Here is a listing of WI CSA support groups... including Milwaukee's group.

http://www.csaceliacs.org/chapters2.php?stateid=50

And websites of two other WI groups:

East Central Wisconsin Gluten Free Group - http://ecwgfg.gfnavigator.org/

Wausau Celiac Support - http://www.celiacinwi.org/Home_Page.html

I also received this not long ago... looks like a group may be starting up in Racine as well.

Racine Celiacs

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:( I am from Wisconsin and I was wondering if anyone knows where I can buy my Gluten free food. I am having a hard time finding places... Thanks

Winniepooh, I grew up in Antigo and now live in Wausau! Pm if you would like to chat! I am newer to this diet and would love to get more tips/suggestions.

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I'm actually from northern Illinois (just south of Beloit, WI), but my parents have a place in Hazelhurst & we go to Hayward a lot (Grandma Ferdon's is awesome). Let me just say you Wisconsinites have much better gluten-free shopping than we do here (unless I trek to Chicago).

-- Monica

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Hi a new town at add in! I'm from Cadott, well originally for New York but it's a long story. I live in Cadott and work in Eau Claire. I just learned that I have a gluten intolerance and my best course of action may be a gluten free diet and stick along the lines those with celiacs have. I have a best friend with celiacs so luckily I know what I'm looking for. The problem is...does anyone know where I can get a lot of gluten free food? Also anyone know of any restaurants I can eat at?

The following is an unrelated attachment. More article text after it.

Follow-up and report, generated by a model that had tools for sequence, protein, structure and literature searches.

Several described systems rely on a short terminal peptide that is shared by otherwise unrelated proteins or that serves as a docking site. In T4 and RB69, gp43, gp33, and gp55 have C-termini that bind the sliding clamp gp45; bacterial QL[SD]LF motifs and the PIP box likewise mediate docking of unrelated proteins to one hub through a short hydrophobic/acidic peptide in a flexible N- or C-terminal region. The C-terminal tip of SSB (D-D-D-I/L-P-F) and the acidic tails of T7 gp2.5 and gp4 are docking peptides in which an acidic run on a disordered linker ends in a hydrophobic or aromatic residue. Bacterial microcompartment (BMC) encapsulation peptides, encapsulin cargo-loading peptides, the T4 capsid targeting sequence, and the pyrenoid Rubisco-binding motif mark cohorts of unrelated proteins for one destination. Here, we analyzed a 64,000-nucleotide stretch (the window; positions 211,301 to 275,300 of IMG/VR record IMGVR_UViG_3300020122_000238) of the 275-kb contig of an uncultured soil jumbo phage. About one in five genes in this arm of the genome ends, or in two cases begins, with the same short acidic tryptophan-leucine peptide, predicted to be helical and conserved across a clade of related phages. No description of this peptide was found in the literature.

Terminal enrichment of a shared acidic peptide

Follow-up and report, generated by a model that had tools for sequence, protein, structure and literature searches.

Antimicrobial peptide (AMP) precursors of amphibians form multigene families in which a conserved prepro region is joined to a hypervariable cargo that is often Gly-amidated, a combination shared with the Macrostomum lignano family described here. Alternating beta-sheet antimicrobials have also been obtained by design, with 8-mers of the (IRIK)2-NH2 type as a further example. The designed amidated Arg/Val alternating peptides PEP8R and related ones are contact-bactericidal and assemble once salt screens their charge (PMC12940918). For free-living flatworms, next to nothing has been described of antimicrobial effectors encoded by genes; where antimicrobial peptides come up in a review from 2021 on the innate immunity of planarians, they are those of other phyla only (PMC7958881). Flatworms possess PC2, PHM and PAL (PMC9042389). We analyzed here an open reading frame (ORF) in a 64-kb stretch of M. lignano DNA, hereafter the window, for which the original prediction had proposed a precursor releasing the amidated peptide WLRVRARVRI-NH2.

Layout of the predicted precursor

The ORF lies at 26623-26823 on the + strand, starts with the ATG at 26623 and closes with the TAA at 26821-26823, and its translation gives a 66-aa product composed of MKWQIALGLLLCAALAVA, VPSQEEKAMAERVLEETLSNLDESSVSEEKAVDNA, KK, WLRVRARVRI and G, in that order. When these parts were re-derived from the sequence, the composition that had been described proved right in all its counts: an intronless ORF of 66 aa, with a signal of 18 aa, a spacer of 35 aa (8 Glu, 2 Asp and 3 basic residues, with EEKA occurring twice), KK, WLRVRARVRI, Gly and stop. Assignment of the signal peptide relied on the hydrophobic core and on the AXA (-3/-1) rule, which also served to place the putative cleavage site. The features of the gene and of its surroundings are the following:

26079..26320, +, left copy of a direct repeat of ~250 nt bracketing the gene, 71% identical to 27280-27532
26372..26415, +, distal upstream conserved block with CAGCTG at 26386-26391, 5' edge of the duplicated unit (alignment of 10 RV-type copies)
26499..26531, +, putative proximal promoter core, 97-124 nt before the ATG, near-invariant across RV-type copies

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What city are you from? Any good Wisconsin gluten-free resources?

West Bend (formerly Milwaukee) here!

I can't believe my little town has 2 cafes with gluten free menu items :D

One is called Grasshopper (excellent pancakes) & the other is Cafe Sourette (sp?) - haven't been there yet, but the chef reports to have mostly gluten free dishes. There was a write up about her place in the Milw. Journal/Sentinel some time back.

Mostly I just shop at Woodman's for the basics. Hopefully my garden will do me well in the coming months!

Best,

Pondy

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I live in the Watertown, WI area 6 mos., SW Florida 6 mos. Found a good source of fg food in Watertown, but now find I cannot tolerate anything with yeast. All my good bread recipes contain yeast. Any suggestions? Carol

Carol,

I am from Ashippun (north of Oconomowoc), but I went to high school in Watertown.

Best suggestion: Stay away from Pick N Save. They don't have a great selection and people don't have a clue if you ask about it. I haven't checked out the Piggly Wiggly there, but I work at the one In Oconomowoc,and there is part of an aisle dedicated to Gluten free, as well as some other stuff scattered around the store.